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‘Avengers: Endgame’ Isn’t Over Yet

Disney is adding bonus material to the end of the movie in an apparent attempt to break the all-time global box office record.
Avengers Endgame Captain America
Marvel Studios
By  · Published on June 19th, 2019

Two days after my latest box office column, which claimed defeat for Avengers: Endgame in the pursuit of the all-time worldwide box office record, comes word that it’s not over until the fat Asgardian sings. According to what was initially an exclusive report by ComicBook.com, Disney is “re-releasing” Endgame next weekend with extra footage. Whether that footage indeed appropriately features Thor crooning, though, is unknown.

Marvel Studios head honcho Kevin Feige let the news out of the bag. “We are doing that,” he told the website during the London press junket for the upcoming Spider-Man: Far From Home. “I don’t know if it’s been announced. And I don’t know how much… Yeah, we’re doing it next weekend.”

Despite my argument for it being in Disney’s better interest to keep Avatar (which they now own) on the box office throne, this does seem like an easy and obvious way for the company to get the already giant-size blockbuster hit to go the distance and supplant James Cameron’s 2009 sci-fi epic. Otherwise, the Marvel Cinematic Universe “finale” has been petering out attendance-wise around the world, with Endgame nearly dropping out of the domestic top 10 this past weekend.

At the moment, the Avengers sequel (with a global gross of $2,743,413,993) is just $45 million away from dethroning Avatar ($2,787,965,087), and that difference can be made up with the promise of more footage added to the three-hour superhero movie. If it’s just random deleted scenes we’ve already heard about, that might still be enough, but preferably the addition would offer some greater setup to Far From Home, hinting that you’d have to see Endgame again to properly appreciate the Spidey sequel.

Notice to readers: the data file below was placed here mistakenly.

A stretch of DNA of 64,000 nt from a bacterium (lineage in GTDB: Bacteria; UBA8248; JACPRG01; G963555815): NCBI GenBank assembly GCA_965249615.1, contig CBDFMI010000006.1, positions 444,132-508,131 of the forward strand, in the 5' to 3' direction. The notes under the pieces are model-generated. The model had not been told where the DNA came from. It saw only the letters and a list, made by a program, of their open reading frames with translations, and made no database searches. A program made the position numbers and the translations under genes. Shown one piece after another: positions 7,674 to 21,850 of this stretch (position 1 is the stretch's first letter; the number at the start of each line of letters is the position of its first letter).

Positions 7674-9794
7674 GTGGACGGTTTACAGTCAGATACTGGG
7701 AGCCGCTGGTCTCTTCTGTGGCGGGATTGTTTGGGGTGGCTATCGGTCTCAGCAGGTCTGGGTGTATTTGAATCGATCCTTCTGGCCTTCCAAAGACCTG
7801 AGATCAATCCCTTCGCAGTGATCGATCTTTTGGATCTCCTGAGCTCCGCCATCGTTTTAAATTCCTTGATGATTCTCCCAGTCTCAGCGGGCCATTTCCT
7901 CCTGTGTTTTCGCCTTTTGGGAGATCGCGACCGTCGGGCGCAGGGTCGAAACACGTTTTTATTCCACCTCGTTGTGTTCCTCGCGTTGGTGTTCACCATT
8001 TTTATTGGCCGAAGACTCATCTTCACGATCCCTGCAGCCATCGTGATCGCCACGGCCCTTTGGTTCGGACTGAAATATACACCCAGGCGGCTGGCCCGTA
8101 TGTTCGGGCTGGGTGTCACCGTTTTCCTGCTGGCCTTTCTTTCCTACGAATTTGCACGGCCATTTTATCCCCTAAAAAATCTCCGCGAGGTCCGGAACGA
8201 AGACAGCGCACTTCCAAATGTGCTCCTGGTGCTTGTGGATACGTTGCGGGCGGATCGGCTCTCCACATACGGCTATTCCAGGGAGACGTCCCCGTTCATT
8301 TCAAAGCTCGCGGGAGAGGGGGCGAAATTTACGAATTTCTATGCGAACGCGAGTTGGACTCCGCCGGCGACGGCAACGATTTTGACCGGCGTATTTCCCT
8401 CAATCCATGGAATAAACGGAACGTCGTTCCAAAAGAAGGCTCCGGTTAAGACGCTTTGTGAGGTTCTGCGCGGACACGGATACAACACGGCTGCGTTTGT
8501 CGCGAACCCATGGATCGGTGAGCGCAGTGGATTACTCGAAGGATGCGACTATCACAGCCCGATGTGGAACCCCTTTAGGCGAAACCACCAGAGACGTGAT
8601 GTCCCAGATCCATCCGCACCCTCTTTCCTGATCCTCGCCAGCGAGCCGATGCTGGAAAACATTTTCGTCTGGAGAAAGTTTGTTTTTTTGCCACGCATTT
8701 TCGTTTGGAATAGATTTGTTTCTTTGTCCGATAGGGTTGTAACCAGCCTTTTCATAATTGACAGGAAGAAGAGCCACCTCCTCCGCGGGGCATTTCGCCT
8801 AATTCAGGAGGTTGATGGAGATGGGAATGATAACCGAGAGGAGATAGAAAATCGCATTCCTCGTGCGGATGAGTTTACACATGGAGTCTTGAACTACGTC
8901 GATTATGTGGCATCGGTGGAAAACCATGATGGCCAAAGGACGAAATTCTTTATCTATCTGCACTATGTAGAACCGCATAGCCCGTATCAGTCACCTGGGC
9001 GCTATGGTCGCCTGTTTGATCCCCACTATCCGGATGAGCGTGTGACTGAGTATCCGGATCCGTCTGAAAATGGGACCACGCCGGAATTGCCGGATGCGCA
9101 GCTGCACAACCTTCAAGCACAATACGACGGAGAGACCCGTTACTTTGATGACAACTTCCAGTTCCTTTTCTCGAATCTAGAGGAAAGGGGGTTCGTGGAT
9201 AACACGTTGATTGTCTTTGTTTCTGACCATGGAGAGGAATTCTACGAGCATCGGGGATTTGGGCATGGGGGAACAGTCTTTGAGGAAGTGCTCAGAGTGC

Rather than giving us expository context for the questions asked by fans of Endgame and Far From Home regarding the ages of the characters and timeline of the Spider-Man: Homecoming follow-up, Feige further revealed to ScreenRant that the bonus material comes after the credits and includes “a deleted scene, a little tribute, and a few surprises.” That does sound like supplementary and not necessary content. But it should be enough for fans.

Disney does like the optics of numbers and records when it comes to box office grosses. Last year, the studio did everything it could to push A Wrinkle in Time over the $100 million mark at the end of its theatrical run. Recently, they somehow (and I never got an answer from anyone or anywhere on what they did exactly) got the underperforming live-action Dumbo remake a bit of a boost, as well, once their live-action Aladdin hit theaters.

They seem to be good at stringing franchise and branded installments close enough to have them benefitted on both ends. Captain Marvel got an extra push and subsequent surge when Endgame opened. Endgame would naturally get its own with the release of Far From Home in a couple of weeks. And this gimmicky stunt happening a few days before that movie’s debut is intentionally timed.

It helps that Disney’s latest Pixar animated feature, Toy Story 4, will have made the bulk of its money this weekend, and then next weekend there’s not much else coming out for the Disney or superhero crowd the week before Far From Home.

For Avatar diehards who’ve been glad that Endgame wouldn’t likely top its record, we can always maintain that the former’s inflated domestic gross will keep it at number one. While $45 million is the amount needed for the official record and we can’t do anything about foreign market numbers, technically Avatar‘s lifetime worldwide gross is still more equivalent to $2,904,216,762, which means Endgame actually needs another $162 million for the win. That extra footage will have to be pretty darn spectacular for that to happen.

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Christopher Campbell began writing film criticism and covering film festivals for a zine called Read, back when a zine could actually get you Sundance press credentials. He's now a Senior Editor at FSR and the founding editor of our sister site Nonfics. He also regularly contributes to Fandango and Rotten Tomatoes and is the President of the Critics Choice Association's Documentary Branch.